Since this study includes student-generated artifacts, we have shared our project with the chair of the IRB and secured permission to collect the materials for analysis.
We also verified with the students that we had their permission to use copies of their maps in any potential publications.
See the book, A Practical Guide to Information Literacy Assessment for Academic Librarians (Radcliff et al), to understand more about concept mapping and to evaluate the advantages & drawbacks of this approach.
Google Books offers limited access to Chapter 10, Concept Maps.
Concept maps facilitate quick and holistic assessments of student learning, as we discovered while teaching information literacy courses for two academic departments. This method has been used as a teaching tool and for curriculum mapping, but very little library literature exists about its use for assessment.
Both information literacy courses require an annotated bibliography for the final assignment. Although this project makes use of resources and skills taught during the semester, it did not directly address how well students had incorporated course content into their existing research practices. We initially used the maps at semester’s end to review how much content students retained and to see how they integrated what they learned into the research process. Would students be able to articulate specific resources and search skills that we taught during the semester? Visual inspections of the concept maps indicated that students could identify and remember specific databases and search skills.
The end-of-semester maps were informative, but lacked effective assessment data. We began the next semester by asking students to draw concept maps and concluded the semester by repeating the exercise. The pre- and post-concept maps created a baseline to gauge student knowledge and data to show what changes had taken place.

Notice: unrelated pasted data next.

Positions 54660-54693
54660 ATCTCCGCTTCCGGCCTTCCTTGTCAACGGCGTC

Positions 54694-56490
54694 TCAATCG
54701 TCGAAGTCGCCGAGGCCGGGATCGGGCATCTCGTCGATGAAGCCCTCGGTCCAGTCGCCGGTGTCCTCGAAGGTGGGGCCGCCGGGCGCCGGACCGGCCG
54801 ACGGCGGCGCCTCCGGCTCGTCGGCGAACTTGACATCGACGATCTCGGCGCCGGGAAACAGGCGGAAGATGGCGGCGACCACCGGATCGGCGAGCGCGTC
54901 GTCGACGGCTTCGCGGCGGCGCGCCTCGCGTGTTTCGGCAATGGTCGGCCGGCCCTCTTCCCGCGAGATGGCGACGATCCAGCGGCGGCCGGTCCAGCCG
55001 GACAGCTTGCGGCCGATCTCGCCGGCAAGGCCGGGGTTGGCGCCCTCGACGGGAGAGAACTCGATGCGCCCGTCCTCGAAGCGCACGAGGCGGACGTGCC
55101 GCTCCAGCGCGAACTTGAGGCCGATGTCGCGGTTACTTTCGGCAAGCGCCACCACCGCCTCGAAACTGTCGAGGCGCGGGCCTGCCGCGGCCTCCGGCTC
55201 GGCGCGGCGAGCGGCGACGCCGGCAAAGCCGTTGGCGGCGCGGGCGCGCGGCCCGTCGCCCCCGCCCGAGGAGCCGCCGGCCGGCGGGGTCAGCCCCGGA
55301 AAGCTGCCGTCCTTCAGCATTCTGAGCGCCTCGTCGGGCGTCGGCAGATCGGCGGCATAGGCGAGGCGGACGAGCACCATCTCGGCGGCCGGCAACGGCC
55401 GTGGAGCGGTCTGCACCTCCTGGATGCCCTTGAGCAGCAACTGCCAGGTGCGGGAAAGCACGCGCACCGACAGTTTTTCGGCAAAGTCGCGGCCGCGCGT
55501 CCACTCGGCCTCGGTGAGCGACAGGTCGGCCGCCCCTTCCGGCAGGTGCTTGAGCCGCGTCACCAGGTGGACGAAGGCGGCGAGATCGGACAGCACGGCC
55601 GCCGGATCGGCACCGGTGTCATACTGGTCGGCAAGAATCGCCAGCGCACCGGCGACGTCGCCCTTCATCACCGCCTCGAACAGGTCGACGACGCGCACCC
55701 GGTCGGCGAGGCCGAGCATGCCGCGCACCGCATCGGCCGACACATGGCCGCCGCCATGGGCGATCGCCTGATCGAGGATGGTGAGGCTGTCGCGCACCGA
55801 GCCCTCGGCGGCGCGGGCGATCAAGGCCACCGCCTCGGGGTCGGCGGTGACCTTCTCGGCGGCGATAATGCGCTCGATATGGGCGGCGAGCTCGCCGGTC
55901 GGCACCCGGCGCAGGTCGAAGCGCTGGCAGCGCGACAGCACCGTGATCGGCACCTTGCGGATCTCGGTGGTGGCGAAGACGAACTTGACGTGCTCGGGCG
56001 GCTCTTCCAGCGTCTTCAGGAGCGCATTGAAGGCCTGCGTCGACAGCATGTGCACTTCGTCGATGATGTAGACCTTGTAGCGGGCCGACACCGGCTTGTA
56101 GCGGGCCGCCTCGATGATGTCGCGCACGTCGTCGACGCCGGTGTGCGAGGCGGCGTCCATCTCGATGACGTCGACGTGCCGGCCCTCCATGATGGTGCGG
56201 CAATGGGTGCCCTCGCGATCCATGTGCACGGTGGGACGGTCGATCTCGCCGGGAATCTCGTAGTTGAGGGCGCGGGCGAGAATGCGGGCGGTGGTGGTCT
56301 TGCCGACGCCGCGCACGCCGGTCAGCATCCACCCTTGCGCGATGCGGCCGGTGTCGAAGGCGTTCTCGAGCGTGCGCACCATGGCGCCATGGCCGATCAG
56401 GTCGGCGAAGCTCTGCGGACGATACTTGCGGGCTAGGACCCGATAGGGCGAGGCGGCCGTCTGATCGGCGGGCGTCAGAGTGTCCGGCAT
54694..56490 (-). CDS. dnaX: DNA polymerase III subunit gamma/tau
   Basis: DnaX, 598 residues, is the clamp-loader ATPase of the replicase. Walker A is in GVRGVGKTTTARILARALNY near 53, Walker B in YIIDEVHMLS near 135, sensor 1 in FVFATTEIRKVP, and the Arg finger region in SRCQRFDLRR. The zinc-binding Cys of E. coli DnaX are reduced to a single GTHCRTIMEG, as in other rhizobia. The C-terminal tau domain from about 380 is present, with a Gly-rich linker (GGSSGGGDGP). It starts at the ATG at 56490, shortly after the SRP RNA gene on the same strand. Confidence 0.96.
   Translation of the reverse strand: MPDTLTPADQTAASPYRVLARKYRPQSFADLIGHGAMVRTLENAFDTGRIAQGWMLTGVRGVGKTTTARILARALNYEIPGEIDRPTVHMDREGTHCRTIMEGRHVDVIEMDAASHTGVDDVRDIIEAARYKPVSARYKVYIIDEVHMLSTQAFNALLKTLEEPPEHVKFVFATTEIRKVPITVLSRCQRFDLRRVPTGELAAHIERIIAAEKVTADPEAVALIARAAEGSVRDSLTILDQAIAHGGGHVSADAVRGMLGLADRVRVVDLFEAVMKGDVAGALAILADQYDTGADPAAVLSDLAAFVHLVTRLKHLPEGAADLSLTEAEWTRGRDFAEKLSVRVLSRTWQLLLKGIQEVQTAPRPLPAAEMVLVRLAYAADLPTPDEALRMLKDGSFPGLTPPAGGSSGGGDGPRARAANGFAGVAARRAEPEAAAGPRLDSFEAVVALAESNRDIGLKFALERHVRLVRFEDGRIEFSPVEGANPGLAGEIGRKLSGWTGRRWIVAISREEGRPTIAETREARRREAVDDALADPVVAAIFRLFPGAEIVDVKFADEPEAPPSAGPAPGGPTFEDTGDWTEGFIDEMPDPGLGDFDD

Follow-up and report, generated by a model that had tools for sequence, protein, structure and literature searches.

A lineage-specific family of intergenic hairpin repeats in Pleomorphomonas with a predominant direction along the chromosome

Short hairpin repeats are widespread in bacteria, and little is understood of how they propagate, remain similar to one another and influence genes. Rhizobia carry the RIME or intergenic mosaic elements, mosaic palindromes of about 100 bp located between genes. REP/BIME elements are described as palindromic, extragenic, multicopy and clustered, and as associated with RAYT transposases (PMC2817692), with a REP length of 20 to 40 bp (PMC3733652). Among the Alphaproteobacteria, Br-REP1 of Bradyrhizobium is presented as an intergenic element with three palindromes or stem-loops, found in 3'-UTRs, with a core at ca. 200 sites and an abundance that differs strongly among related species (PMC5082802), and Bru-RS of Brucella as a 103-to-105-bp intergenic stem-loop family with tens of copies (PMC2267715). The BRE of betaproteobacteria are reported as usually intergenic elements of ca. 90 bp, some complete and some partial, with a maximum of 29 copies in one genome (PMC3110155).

The process for analyzing the pre- and post-maps began with transcribing the words into a spreadsheet. We then standardized the ideas, creating our own thesaurus of terms. After the ideas were standardized, the thesaurus terms were then mapped to the ACRL Information Literacy Competencies and the data was analyzed for more rigorous results.
Our information literacy courses emphasize discipline-specific resources, understanding database construction, source evaluation, and citation skills. This approach is evident in the assessment results, as many concepts mapped to Standards 1.2 and 2.2. It was also clear with the post-maps that more students could identify specific resources and search techniques. As such, the post-map content showed that students had expanded their notions about the research process. We were thus able to measure changes in how students conceive of the research process and how they look at the process as a whole. Based on the data, then, the courses clearly demonstrated value-added aspects for both departmental programs. Concept map differences have already been observed: graduate students describe the research process in greater detail than undergraduates, while students in the social sciences use different terminology than students in the humanities.
Using concept maps as reviewing and assessment tools allowed us to conduct outcomes assessment, show that we were adding value to undergraduate education, and facilitate continuous improvement. The maps helped us to consider how we might change course content when we perceive gaps in the research process or to drop course content when we observe class mastery on certain parts of the research process, based on pre-test results.